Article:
A Savage Beast
American Outdoor Guide|February 2022
"The renegauge is one tough, reliable semi-auto shotgun."
Story and photos by Paul Rackley

I've always liked shotguns because they're extremely versatile. They can be used to hunt everything from squirrels to deer-and even bear-by simply changing loads. A shotgun is also the best sporting arm for knocking birds from the air; very few people can hit a flying bird with a single projectile.

Folks don't have to purchase a specialized version for specific uses. A regular, 28-inch-barreled pump can be used to put meat on the table during the day and protect the home at night. Few things make a bad guy quake as hard as staring down a big-bore street-sweeper.

Of course, those who want specialized shotguns have many choices, including tactical versions that carry an amazing amount of firepower.

However, I still really like all-around shotguns. So, I was pretty excited when Savage announced it was coming out with the Renegauge.

Savage is mainly known as a rifle company, with most of its smoothbores coming out branded as either Fox or Stevens. But the company does have a long history in shotguns, especially for companies such as Western Auto and J.C. Penney. Many of our fathers and grandfathers ordered firearms through these companies (back when this was legal). I actually have a J.C. Penney version in my safe that was passed down from my grandfather.

The Renegauge, however, is the first Savage-branded shotgun the company has introduced in quite a few years.

And the company did it in quite a big way by packing a whole lot of features into one hell of a gun.


The Savage Renegauge comes broken down into two sections in a plastic case. The case also holds the parts for adjusting length of pull and comb height, a box for three chokes, a choke wrench, gun lock and a manual. Everything fit nicely into the case, and it even had enough room to get everything back in after pulling it all out, which isn't always the case.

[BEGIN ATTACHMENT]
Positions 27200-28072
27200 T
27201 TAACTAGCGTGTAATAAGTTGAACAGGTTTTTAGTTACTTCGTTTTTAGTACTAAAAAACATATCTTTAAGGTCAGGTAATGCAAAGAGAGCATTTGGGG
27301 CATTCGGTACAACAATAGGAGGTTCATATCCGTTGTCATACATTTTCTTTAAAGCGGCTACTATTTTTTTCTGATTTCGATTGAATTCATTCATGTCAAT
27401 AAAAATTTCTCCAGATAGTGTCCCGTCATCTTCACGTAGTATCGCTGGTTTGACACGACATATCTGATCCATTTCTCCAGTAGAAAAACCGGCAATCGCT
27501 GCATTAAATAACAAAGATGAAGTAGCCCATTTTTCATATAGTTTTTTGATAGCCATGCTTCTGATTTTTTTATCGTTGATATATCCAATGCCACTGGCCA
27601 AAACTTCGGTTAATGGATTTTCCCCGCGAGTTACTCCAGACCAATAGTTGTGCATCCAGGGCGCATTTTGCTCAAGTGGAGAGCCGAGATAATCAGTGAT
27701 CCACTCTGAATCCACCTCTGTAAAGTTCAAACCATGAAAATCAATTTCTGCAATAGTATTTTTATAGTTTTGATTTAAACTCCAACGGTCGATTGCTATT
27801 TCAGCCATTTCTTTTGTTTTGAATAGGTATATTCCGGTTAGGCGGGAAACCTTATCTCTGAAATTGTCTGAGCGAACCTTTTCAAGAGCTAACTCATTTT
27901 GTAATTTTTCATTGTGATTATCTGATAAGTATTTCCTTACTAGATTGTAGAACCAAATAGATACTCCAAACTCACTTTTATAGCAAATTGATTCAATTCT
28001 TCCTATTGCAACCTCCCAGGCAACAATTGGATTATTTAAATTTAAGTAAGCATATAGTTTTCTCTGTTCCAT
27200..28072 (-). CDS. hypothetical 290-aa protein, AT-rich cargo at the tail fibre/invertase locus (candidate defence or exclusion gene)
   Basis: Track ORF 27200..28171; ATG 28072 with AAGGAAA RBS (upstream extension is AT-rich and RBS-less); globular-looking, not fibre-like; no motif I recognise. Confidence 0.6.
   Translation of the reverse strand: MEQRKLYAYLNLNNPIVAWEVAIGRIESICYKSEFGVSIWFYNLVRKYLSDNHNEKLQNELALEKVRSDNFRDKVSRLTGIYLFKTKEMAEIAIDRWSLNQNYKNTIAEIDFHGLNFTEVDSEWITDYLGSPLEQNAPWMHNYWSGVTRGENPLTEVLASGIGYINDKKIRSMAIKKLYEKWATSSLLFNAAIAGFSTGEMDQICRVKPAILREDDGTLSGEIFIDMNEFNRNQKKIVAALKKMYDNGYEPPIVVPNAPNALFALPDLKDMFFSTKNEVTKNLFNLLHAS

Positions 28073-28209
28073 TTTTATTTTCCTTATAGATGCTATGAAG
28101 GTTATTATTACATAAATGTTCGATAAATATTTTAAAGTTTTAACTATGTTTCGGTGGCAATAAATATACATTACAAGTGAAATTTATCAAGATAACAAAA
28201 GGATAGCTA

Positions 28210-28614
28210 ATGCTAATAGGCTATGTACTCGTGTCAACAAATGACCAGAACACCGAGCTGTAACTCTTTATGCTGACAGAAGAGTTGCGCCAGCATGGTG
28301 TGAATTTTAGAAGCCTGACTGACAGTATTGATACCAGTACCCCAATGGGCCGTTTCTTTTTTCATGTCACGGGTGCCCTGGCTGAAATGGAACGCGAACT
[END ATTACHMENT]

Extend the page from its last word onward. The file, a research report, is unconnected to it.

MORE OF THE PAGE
I received the Field model for testing, so sitting in the case was a shotgun sporting a black barrel and receiver with gray composite stocks. Gray isn't what typically comes to mind to combine with black on a gun but, in this case, it works. My first impression is that Savage has built a nice-looking gun.

Everything is smooth where it's supposed to be smooth, including most of the lines. And, where shooters need to grip, Savage included some rough areas to help with purchase. While the Melonite and matte finishes on the barrel and receiver, respectively, got my attention, I was really impressed by the chrome on the inside of this gun.

The shotgun comes in two pieces, so it's easy to notice how Savage chromed the reciprocating components. The company also welded the pusher sleeve onto the bolt carrier to create a one-piece system before chroming the entire assembly. This should make the bolt carrier stronger and much easier to clean.

On closer examination, I noticed that where the buttstock comes into the receiver and where the butt pad comes into the stock weren't completely smooth. Because Savage included something similar to its AccuFit system on the Renegauge, I figured the slight edges on the sides have to do with needing a little bit of play when changing parts to adjust length of pull and cheek weld. The small shifts in alignment didn't take away from the aesthetics, so it wasn't a big deal.

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